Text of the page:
Spencer Campbell practises target shooting on the 100-yard range at the Big Boot Shooting Range in South Granville. Neighbouring residents want to meet with provincial officials in an attempt to have legislation changed to shut the facility down. Guardian
A new shooting range opened in South Granville has people in the neighbouring community of Millvale seeking a change in legislation to have the range closed.
"We've lost enjoyment of our property," says Sharon Labchuk, who lives just a kilometre from the Big Boot Shooting Range.
Labchuk said the range has caused a lot of controversy since its recent opening.
She said the combination of noise, potential lead pollution in the groundwater from stray bullets as well as the fact the community was not approached for their opinion has herself and a number of her neighbours looking for answers from the provincial government.
"We've done a lot of research to get up to speed on the environmental concerns," she said. "It's not just noise."
Labchuk said the potential for groundwater poisoning from lead bullets is a major concern for her, however, as of now the Environment Department has no regulations for shooting ranges in P.E.I.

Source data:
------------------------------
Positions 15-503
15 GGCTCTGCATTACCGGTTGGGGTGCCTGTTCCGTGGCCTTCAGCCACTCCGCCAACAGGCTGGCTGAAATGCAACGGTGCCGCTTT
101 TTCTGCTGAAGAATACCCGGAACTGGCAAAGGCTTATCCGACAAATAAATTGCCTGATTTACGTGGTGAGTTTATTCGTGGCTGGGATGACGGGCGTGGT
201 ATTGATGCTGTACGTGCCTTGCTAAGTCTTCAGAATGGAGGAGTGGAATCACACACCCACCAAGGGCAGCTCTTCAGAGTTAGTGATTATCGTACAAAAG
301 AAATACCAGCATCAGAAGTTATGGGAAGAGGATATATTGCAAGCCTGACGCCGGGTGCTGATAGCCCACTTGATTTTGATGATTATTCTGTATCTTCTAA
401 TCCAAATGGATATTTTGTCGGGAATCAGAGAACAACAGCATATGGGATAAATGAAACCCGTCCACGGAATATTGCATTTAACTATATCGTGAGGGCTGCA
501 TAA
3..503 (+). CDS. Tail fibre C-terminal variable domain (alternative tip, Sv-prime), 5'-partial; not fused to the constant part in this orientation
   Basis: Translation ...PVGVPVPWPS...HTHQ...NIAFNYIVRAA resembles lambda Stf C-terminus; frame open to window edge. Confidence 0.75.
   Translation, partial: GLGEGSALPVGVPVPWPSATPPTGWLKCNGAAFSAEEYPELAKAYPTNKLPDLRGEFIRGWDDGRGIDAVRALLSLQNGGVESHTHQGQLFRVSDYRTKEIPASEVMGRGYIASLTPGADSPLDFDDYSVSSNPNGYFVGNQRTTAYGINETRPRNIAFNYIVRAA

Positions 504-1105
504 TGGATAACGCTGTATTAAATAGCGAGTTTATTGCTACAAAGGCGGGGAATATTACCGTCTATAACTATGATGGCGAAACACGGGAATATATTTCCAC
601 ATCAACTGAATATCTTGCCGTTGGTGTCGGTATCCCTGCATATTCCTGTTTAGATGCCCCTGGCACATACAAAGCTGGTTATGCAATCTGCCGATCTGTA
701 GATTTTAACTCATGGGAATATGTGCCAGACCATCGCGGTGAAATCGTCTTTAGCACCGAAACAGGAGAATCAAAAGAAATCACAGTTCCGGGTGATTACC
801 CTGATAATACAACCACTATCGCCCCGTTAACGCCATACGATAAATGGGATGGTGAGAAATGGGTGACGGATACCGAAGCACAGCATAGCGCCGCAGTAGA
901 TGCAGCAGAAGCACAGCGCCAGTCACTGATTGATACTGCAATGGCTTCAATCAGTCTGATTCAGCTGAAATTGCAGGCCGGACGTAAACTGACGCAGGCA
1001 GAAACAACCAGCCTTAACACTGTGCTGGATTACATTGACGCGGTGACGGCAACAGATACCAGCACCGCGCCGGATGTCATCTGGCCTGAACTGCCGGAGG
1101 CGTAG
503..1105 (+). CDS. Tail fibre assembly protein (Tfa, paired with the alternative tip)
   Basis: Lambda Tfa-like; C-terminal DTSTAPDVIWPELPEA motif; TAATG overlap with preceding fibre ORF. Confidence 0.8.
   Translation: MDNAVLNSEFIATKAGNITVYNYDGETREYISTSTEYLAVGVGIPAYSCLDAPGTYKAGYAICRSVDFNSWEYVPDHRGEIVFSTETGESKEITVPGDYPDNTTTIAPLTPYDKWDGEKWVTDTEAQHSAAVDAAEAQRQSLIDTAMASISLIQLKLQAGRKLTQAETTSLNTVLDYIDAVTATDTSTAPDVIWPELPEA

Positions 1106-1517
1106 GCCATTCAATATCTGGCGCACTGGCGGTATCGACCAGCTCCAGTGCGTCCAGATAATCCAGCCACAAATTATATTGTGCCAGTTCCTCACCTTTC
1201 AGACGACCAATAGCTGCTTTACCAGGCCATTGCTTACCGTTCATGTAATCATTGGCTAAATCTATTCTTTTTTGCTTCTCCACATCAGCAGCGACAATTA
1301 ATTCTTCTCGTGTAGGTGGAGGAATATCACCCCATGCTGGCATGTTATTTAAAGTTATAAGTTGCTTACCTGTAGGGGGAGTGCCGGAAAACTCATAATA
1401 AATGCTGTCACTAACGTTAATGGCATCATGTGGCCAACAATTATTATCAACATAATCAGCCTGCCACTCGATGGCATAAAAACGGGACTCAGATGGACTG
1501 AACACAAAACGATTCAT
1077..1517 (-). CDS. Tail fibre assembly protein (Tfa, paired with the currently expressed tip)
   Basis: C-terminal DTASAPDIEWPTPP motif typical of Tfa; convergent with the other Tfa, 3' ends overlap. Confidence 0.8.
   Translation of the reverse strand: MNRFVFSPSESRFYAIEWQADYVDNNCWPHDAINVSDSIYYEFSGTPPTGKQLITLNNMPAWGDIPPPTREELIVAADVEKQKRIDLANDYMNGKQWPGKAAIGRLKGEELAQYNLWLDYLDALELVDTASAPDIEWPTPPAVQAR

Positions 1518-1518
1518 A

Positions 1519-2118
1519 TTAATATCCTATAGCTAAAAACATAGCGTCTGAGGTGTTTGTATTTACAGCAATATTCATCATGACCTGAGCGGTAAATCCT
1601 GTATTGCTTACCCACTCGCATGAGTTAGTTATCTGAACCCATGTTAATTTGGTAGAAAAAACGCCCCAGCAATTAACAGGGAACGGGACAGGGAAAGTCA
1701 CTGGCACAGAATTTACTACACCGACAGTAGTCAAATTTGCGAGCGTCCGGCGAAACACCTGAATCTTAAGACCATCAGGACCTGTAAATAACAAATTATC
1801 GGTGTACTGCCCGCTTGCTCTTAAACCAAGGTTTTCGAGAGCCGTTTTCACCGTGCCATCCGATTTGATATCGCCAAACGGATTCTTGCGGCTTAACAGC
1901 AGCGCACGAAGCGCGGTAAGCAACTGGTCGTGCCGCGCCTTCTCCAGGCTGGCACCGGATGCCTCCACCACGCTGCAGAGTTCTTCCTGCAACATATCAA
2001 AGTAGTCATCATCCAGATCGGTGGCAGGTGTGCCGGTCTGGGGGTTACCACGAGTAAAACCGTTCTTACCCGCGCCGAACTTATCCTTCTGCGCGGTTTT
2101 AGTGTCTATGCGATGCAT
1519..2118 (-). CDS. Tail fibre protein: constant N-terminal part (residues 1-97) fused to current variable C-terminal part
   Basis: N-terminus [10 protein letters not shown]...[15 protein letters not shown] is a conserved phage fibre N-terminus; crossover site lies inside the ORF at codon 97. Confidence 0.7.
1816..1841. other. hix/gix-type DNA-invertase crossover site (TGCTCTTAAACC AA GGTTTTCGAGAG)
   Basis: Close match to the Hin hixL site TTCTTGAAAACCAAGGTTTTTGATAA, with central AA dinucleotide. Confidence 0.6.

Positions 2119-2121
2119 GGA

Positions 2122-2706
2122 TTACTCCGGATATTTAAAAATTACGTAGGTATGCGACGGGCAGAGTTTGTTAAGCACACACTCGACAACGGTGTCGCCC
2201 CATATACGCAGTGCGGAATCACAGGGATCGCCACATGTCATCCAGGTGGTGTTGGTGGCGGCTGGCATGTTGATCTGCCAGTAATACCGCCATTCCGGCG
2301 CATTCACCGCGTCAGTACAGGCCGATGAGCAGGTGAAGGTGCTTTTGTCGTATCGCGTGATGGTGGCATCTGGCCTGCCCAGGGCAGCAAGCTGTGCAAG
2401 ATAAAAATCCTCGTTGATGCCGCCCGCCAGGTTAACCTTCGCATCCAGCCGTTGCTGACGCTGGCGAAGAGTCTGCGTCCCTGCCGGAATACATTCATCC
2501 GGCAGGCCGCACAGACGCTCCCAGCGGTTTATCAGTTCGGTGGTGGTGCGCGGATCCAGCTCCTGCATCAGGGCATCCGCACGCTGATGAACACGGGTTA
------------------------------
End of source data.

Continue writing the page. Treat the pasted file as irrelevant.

But Labchuk hopes to change that.
"Everywhere these ranges pop up the big concerns are noise and groundwater poisoning," Labchuk said, adding the next step for her is to meet with environment officials to discuss the issue further.
Likewise, she said a community meeting is hopefully going to take place in the near future.
"We need to come together as a community to plan a course of action," she said.
Labchuk stressed she, like many of her neighbours, live in Millvale because of the solitude and quiet.
The shooting range, according to her, has ruined that.
"They're a problem wherever they occur."
However, at this point not much can be done to close the range down.
As far as safety and noise pollution is concerned, co-owner of Big Boot Shooting Range Angie MacDonald said she and her husband Charles have been fully certified. She said a safety inspector from Edmonton visited the property prior to its opening, as did the provincial firearms officer.
"We followed everything they laid out for us to do," MacDonald said.
"We're approved. We did everything we could to make it as safe as possible. We even shopped around for land as far removed from people as we could."
She added this was why the community was never approached prior to the range opening.
"Being as far back as
we were in the woods, we didn't think it would be an issue."
MacDonald hopes the issue doesn't go any further, adding closure of the range would be a substantial financial setback.